Saturday, August 11, 2012

Making Nukazuke Paste, stage one

Nuka pickles are by far my most favourite way to eat vegetables.  All summer long, the vegi come streaming out of my garden and into my Nuka pot, so much so that by the end of the season, it's a soggy mass.  The water of the vegetables are extracted by the paste while the pickling happen.

Nukazuke or Nuka pickles are made by first creating a fermented paste from rice bran then submerging vegetables in this paste for between 4 hours to 2 days.  This gives the vegetables a refreshing flavour and, like many fermented foods, has a very calming effect on the stomach.

I've never made my own Nuka paste before, my friend usually sends me a ready made bag of the stuff - bless her little cotton socks.  The problem is, you can only fit so many carrots, cucumbers, turnips, &c in it at one time.

Making Nuka is a lot like making a sourdough starter.  If you can get a tsp of Nuka paste from an active batch, it should be a lot easier to get things started.

So here we go, my Nuka pot adventure.  I won't know until the end how successful this is, but going from what little I can make out of the Japanese instructions on the back of the package, plus what the internet says, this is what I figure will work.

How to Make Nukazuke Paste

800g nuka powder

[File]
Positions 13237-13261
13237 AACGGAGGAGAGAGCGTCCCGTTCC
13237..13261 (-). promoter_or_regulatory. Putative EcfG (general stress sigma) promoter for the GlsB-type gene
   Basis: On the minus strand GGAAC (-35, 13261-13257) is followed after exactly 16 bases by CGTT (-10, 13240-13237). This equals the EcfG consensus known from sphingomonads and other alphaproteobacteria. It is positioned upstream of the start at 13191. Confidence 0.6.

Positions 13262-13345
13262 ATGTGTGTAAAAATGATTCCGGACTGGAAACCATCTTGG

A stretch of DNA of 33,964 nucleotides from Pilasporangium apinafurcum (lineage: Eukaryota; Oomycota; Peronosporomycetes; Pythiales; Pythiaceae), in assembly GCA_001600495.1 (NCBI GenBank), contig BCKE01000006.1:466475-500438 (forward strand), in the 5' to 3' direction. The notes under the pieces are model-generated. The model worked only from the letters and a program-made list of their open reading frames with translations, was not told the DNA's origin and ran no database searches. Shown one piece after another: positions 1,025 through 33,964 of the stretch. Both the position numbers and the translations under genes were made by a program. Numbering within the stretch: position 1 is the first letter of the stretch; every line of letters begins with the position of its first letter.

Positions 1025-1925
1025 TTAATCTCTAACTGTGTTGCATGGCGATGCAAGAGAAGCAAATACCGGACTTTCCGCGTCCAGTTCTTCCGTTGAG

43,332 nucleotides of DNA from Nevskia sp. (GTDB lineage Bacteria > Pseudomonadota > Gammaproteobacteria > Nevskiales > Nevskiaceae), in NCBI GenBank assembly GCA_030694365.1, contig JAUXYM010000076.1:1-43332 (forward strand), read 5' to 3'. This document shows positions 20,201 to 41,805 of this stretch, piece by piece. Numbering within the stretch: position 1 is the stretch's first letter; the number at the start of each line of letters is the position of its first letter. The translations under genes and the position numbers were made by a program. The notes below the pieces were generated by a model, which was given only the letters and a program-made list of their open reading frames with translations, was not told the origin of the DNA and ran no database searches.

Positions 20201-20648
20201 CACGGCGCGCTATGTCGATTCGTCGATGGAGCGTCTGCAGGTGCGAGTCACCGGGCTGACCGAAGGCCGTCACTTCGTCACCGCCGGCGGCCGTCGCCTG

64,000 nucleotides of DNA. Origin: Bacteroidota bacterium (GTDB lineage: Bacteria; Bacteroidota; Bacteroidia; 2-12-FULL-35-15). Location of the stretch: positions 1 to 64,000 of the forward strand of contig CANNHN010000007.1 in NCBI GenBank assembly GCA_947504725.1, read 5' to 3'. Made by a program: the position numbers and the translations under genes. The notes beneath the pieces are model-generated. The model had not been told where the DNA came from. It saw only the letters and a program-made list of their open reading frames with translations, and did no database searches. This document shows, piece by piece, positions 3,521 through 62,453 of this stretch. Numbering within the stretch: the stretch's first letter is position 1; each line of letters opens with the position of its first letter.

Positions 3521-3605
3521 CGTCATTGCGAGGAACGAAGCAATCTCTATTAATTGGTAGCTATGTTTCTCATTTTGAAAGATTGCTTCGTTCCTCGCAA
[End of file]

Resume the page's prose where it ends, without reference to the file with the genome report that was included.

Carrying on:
100g sea salt (non iodized)
dry kombu (kelp)
dry chilli
(optional) 1 tsp of Nuka paste

  • Mix the salt and powder together in a non-reactive container
  • Add water, a little at a time, until you have a fairly dry paste.

  • Submerge the kelp and chilli in the paste (being careful not to break the chilli and release the seeds), and pat down the surface of the paste until smooth.
Not the most photogenic of foodstuff, is it? But when it comes to Nuka Paste, looks are deceiving.
  • IMPORTANT - with a clean damp cloth, wipe the excess paste from around the edge.  This will probably go mouldy if you leave it.
  • Cover with a pickle lid or with a clean piece of clingwrap.  Keep in a coolish dark place in the kitchen.  Stir the paste at least twice a day, three times in hot weather.
  • After 4 days to a week, the paste should be ready to use and have a slightly sour smell to it like sourdough starter does.  Remove the chilli and kombu.
Now you are ready to use the paste to make Nukazuke.  I'll post more on that later.

Even if you don't use the Nuka paste, you still need to stir it every day.  If you are leaving for a few days, it may keep in the fridge for up to 3 days without being stirred, but, then again, it may not.

As for vegan friendly - I don't know.  I think it might be as long as it is okay for vegans to eat fermented foods like sourdough, then it would be okay to eat this.  Although sometimes, Nukazuke powder does contain eggshells, so you would need to double check.

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